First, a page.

Complicated topics explained in a simple way: Today let us understand what incentives, commission & overrides are.
I spoke a lot about Incentives, commission & overrides in my blog post about the US Airways vs. Sabre trial, where many numbers came to light and provided insight into the money flow here. But this time, I want to focus on what those numbers actually mean.
One model established in the airline industry is the incentive model. GDSs’ so-called segment fees for distribution are paid by the airline from the fee the traveler pays to it. GDSs generally pass on a part of this segment fee to the agencies which got the sale going. In some cases, the agency also demands a service fee directly from the customer and sometimes also receives additional commissions directly from the airline. Part of the amount for the ticket also goes to the credit card company if payment is not made by direct debit. Some airlines therefore also apply a credit card fee. The actual distribution of the fees and commissions to the parties involved (the settlement process) is generally handled via a clearing house (such as ARC or IATA).
How to Maximize Profit
The regular commission which GDSs pay an agency or TMC (the numbers where partly revealed in a lawsuit covered here) is straightforward per booking or per segment. However, it gets tricky when incentive overrides come into play. Commission overrides are an additional commission percentage paid when a certain volume level is achieved. I was amazed when one of our clients showed me the technology they put into place (using our multi-GDS engine underneath) to divert on a daily basis in which channels bookings were made in order to maximize their profit: The per-booking commission on one GDS was better than the other one, but they needed to achieve a certain number of bookings on the other GDS in order not to lose an incentive they had negotiated with the other GDS. It was amazing to see how they narrowed it down more or less to the last day of the year to make that one important booking which put them over the threshold so that all bookings made to date could receive an extra bonus.
One of Sabre’s annual reports for instance says: “Travel agency incentive consideration is a large portion of [GDS] expenses. The vast majority of incentive consideration is tied to absolute booking volumes based on transactions such as flight segments booked. Incentive consideration, which often increases once a certain volume or percentage of bookings is met, is provided in two ways, according to the terms of the agreement: (1) on a periodic basis over the term of the contract and (2) in some instances up front at the inception or modification of contracts; in this case the incentive consideration is capitalized and amortized over the expected life of the contract. Although this consideration has been increasing in real terms, growing in the low-single digits on a per booking basis in recent years, it has been relatively stable as a percentage of [GDS] revenue over the last five years, partially due to our focus on managing incentive consideration.”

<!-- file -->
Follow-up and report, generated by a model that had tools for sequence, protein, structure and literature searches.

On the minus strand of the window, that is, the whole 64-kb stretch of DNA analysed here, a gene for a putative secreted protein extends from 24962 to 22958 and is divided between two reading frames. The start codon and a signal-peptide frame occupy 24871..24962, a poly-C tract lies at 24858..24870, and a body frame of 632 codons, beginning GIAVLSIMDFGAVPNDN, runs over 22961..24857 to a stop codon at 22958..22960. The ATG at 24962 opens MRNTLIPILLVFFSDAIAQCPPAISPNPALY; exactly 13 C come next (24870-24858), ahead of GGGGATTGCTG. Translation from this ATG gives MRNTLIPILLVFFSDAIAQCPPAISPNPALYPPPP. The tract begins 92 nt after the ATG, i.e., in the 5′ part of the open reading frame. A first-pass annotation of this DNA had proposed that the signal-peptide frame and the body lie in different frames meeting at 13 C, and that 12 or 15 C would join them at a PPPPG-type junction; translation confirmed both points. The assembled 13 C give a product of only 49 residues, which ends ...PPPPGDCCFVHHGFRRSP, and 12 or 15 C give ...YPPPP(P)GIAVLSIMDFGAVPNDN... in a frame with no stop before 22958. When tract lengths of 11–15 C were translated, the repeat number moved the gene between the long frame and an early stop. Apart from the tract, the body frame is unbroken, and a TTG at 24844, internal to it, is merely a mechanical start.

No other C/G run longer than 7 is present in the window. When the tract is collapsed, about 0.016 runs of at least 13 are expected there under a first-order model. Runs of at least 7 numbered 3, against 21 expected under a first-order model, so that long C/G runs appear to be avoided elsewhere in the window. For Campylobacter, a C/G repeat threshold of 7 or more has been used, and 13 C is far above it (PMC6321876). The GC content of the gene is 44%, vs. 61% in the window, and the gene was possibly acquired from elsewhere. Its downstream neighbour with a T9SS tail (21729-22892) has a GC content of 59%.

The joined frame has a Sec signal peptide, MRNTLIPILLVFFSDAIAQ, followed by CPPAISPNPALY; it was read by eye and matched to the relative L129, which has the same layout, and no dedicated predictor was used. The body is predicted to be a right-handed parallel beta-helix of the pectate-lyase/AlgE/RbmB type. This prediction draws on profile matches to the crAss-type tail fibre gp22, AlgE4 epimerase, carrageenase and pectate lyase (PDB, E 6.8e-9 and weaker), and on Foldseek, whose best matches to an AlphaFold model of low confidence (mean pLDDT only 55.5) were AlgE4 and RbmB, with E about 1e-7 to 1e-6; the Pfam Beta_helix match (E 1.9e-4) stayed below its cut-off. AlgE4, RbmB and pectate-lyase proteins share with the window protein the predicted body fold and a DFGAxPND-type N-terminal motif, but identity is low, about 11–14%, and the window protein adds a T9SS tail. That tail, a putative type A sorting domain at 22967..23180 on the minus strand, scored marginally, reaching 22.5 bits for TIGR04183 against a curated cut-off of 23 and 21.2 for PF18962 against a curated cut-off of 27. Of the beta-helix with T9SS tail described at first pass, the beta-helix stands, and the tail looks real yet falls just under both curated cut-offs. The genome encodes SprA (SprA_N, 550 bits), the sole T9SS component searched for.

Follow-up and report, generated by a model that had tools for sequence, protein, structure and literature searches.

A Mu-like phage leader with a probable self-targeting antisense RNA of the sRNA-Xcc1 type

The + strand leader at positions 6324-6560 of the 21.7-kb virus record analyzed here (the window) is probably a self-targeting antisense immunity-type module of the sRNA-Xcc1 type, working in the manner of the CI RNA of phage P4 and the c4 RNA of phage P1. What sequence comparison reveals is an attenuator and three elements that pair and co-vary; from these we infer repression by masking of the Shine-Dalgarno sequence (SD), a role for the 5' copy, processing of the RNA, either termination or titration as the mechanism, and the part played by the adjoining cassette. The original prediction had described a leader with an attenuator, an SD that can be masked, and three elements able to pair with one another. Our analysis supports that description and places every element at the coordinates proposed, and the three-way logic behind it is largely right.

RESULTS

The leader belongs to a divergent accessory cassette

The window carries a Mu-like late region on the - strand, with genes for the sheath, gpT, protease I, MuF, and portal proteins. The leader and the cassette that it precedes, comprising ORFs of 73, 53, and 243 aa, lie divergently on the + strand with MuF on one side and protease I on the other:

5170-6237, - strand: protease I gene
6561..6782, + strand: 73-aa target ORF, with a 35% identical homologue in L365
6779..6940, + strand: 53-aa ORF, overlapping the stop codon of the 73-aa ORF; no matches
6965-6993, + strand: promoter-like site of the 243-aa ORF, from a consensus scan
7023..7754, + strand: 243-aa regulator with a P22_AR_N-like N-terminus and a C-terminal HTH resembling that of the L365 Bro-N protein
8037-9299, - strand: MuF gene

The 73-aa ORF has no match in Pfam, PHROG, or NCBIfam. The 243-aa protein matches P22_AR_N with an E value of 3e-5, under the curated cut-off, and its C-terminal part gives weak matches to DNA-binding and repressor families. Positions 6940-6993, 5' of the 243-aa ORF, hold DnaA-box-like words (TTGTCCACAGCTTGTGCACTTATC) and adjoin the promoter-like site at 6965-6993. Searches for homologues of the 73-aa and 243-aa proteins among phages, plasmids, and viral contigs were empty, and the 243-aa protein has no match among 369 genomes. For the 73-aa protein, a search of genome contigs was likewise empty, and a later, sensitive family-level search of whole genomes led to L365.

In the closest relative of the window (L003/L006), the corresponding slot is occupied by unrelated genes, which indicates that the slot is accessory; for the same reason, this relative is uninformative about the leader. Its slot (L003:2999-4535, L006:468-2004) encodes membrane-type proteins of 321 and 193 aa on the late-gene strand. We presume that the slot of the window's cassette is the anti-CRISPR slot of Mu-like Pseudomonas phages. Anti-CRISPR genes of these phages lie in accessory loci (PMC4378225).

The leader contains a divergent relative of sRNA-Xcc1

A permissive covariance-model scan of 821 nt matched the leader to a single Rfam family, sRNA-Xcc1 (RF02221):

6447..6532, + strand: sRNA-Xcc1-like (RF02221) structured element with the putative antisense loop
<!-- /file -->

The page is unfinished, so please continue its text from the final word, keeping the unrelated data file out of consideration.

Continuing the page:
Blog series: Travel Technology for Dummies
- What Is Full Content?
- What Is a Booking Reference or PNR?
- What Is Overbooking?
- What Is a Passenger Service System (PSS)?
- What Are Booking, Waitlist, Ticket, Codeshare & Interlining?
- What Are Active and Passive Segments?
- What Are Incentives, Commission & Overrides?
- What Is a ‘Married Segment’?
- Blockchain in Travel: All You Need to Know – for Now
- What Is the Difference Between Fares, Rates and Tariffs?
- Travel Technology for Dummies: What Is NDC?
- What Is Continuous Pricing?
Are You the Perfect Revenue Manager?
Here is a little quiz for you to find out whether you are the perfect revenue manager (the quiz is purely fictive and has no relation to any real company incentives or overrides):
An agency makes 240 bookings a year. 40 bookings of this agency are made with airline A – all others are made with any airline bookable in a GDS. The agency has two GDS contracts (A & B) and gets the following commission and overrides:
- $1 for each booking in GDS A
- $1.10 for each booking in GDS A if the agency makes equal to or more than 100 bookings in GDS A
- $1.20 for each booking in GDS B but only for airline A throughout the year or any airline from December through April
- $0.80 for each booking in GDS B elsewise
Incentives are calculated per calendar year. Bookings are distributed evenly throughout the year. As a revenue manager of the agency, how can you maximize the agency’s profit and what will this profit be? Please provide your answer in the comments section.
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